HEALTH Minister James Reilly is under pressure to explain why last-minute changes were made to the HSE's service plan after ministers warned the original version would lead to political uproar.
Fianna Fail said the plan was changed before it was officially published to hide the severity of cuts in the health service next year, while Sinn Fein said the actual cuts required in the service were now €1bn, and not €619m as flagged.
A Sunday newspaper reveal-ed that the original text of the HSE service plan from chief executive Tony O'Brien read: "It will not be possible in 2014 to fully meet all of the growing demands placed on the health services." This was changed to read: "It will be very challenging in 2014 to fully meet all of the growing demands."
Another statement read: "The level of investment required to meet many of the critical service priorities... cannot be met". It was changed in the published version to read "some service priorities... may not be met".
Mr O'Brien said that the changes to the plan were made following a cabinet discussion, which "changed the context in which the service plan was to be approved".
"Minister Reilly contacted me after the Cabinet, told me about the decisions. We discussed the changes that might be necessary in order to reflect those changes," he said.
"I proposed the changes, he agreed them, and the plan was published.
"It's nowhere near as dramatic as it seems. The job of the HSE is to provide a draft service plan which conforms to the Budget decisions. It would have been very strange for the service plan's language to be the same before as after (the cabinet discussions).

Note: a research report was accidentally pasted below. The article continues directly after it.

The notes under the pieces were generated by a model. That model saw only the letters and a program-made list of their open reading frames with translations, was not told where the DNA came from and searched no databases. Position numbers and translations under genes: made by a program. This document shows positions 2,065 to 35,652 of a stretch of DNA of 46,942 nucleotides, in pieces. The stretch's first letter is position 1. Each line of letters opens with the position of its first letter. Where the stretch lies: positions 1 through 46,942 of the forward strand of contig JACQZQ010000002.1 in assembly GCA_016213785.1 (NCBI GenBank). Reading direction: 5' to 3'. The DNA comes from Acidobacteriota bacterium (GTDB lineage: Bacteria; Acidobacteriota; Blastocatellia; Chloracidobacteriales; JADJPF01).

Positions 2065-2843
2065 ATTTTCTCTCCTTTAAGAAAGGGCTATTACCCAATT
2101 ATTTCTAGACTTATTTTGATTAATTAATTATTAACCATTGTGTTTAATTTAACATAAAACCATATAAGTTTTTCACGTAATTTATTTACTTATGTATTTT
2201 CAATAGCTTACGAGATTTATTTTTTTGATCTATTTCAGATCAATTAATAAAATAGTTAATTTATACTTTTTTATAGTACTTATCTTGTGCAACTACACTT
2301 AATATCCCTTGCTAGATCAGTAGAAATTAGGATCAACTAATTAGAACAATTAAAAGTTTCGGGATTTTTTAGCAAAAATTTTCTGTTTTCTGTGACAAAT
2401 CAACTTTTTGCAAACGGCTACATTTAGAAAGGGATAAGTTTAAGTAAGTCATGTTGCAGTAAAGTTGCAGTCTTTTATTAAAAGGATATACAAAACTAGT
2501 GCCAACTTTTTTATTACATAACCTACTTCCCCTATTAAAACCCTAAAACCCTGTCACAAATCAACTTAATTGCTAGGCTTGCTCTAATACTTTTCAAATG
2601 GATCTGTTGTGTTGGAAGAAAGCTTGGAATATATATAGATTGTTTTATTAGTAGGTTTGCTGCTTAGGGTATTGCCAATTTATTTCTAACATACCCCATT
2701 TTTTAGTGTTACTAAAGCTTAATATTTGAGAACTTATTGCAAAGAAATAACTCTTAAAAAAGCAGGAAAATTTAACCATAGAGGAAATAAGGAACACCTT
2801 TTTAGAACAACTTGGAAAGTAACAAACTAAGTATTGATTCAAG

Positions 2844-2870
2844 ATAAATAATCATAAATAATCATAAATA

"Government made very important decisions. I'm very glad we have the outcome we do."
He added that there was no question the changes would result in his resignation.
The published plan outlines €619m in cuts which have to be made to the health budget for 2014, and the original document allegedly outlined cuts of €1bn.
Fianna Fail health spokesman Billy Kelleher said the report raised "serious questions" about the accuracy of what people were being told about the health system.
"By forcing the presentation of the HSE Service Plan to be changed for political purposes, the Government have also implicated senior HSE executives," he said.
"I am calling on Minister Reilly to make a statement and spell out exactly how the savings he is targeting are actually going to be achieved."
Sinn Fein health spokesman Caoimhghin O Caolain said the revelation meant the health funding plans of the Coalition had "zero credibility".
The plan was approved by Mr Reilly last Tuesday and originally envisaged cuts of €666m in the Budget.
It fell to €619m, after €46m in funding was transferred from the Department of Social Protection and €1m from another, unidentified, source.
A spokesman for Mr Reilly said that the changes to the language in the service plan were made possible by virtue of what was approved by Cabinet last Tuesday.
"The Cabinet decided that Health would receive an extra €47m -- €46m from Social Protection and €1m from elsewhere -- and approved a budget management strategy that informed the final draft of the service plan."